I have the honor of introducing Mr. J. H. Craig, chairman of the fire marshals’ section, National Fire Protection Association. He has served as State fire marshal of Illinois since 1941, and during the war he was the State fire coordinator and State property officer. Mr. Craig. [Applause.]
Mr. John H. Craig. I am honored to have the opportunity to represent the State, provincial, and city fire marshals at this most important meeting, where the leading authorities in fire prevention work are meeting at President Truman’s request in an endeavor to lessen the appalling loss of life and property due to fire.
“There ought to be a law” is the cry that goes up from the public every time there is a major fire disaster. As a result, the various State statute books are cluttered up with laws, some good, some bad, with the question of enforcement often left dangling in midair. The consensus of State fire marshals is that fire prevention laws, rules, and regulations to be effective in holding down the fire loss must be enforced at the local level, with the State offices to be used in an advisory capacity or in special cases requiring State help, or where the local officers are negligent in performing their duty.
In most all States, the State fire marshal laws provide that the officers of cities, villages, towns, and fire protection districts are charged with inspecting and examining buildings and other structures and if a dangerous condition or fire hazard is found to exist shall order the dangerous condition removed or remedied. Willful failure, neglect, or refusal to comply with the order is a misdemeanor punishable by a fine, subject, of course, to the owner’s right to appeal the order to the State fire marshal.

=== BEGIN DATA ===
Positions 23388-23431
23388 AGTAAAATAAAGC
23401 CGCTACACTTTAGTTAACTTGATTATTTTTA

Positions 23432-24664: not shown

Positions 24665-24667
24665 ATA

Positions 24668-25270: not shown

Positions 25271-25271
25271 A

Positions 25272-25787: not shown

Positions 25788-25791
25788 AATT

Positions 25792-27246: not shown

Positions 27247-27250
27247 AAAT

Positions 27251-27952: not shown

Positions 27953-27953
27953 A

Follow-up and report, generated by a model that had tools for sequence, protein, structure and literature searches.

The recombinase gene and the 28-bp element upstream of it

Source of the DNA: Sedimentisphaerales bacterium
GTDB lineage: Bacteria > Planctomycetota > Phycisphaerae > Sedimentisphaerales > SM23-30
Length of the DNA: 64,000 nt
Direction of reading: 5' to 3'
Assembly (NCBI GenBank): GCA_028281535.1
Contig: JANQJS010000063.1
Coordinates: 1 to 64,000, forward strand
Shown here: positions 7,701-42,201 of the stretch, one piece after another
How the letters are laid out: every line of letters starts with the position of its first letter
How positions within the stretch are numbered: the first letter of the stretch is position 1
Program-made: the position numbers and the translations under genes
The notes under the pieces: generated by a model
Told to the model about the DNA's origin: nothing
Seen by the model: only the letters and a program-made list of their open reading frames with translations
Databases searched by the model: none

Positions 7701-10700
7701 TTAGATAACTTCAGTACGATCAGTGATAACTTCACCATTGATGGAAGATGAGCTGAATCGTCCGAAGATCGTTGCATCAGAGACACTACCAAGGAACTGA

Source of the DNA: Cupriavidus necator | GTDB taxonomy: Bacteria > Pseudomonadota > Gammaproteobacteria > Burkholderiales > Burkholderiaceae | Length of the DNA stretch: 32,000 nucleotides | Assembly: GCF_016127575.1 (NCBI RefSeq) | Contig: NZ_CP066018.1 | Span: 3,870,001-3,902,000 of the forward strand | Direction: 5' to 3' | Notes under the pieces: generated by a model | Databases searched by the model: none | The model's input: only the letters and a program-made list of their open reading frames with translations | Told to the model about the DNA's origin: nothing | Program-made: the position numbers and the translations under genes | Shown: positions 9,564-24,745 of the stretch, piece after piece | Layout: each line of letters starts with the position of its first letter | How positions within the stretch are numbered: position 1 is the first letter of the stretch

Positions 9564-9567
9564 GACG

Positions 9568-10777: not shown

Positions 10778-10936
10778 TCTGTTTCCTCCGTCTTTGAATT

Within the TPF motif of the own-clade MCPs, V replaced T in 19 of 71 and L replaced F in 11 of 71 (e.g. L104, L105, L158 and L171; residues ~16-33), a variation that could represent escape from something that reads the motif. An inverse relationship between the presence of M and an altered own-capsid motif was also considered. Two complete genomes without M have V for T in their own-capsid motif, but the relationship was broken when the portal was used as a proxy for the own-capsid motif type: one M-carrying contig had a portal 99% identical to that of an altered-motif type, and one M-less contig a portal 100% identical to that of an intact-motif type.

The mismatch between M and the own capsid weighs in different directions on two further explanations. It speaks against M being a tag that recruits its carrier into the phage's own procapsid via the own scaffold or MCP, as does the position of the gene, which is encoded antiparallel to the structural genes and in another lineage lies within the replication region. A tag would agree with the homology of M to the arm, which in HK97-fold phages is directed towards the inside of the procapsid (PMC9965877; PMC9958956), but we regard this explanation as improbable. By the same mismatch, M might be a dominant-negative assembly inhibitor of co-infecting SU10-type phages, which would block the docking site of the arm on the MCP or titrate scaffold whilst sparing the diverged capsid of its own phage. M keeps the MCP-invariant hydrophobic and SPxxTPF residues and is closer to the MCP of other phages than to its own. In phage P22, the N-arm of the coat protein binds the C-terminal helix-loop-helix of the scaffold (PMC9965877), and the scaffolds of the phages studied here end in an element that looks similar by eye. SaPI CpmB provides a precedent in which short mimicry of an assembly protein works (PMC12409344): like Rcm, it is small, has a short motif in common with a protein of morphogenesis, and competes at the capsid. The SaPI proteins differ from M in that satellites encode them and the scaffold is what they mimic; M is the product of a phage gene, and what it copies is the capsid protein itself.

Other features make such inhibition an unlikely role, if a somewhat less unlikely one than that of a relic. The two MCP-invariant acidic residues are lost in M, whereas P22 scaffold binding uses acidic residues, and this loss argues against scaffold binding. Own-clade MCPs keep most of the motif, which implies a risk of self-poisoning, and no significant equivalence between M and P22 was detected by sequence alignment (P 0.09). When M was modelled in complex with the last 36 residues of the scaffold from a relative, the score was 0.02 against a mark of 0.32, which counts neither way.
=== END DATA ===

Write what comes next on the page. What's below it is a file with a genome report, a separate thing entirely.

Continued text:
These State fire marshal laws set the correct pattern and if every one concerned did his duty, most all fires would be prevented. However, most local officials seem to have little sense of responsibility. The tendency is to ask for an inspector from the State fire marshal office for the most trivial fire hazard conditions, such as burning of trash in an alley by a storekeeper, removal of weeds from vacant lots, rubbish accumulations, defective flues, improper use of electric extension cords, and so forth.
Fire authorities state that 60 percent of all fires are traceable to such simple, but dangerous, conditions. You know how many of the large fires start. Some careless smoker discards a lighted cigarette, the housekeeping condition is bad and contrary to local ordinances, no one bothers about enforcement. Every one should know better – including the careless smoker. The place is soon in flames. Maybe the fire department can control the fire, often it can not. It ma be a hotel, a place of public assembly, or an entire community may be wiped out, with the loss of many lives, all because no one bothered about enforcing simple safety standards.
Adoption of uniform minimum codes at the State level would still leave the problem of enforcement with the State. The National Fire Protection association and the National Board of Fire Underwriters have prepared standards and codes that may be adopted by municipalities, covering every local need, such as electrical wiring, building construction, equipment for hazardous processes, volatile oils and liquefied petroleum gases, dry cleaning plants, moving picture theaters, and so forth. The National Board has prepared a booklet of suggested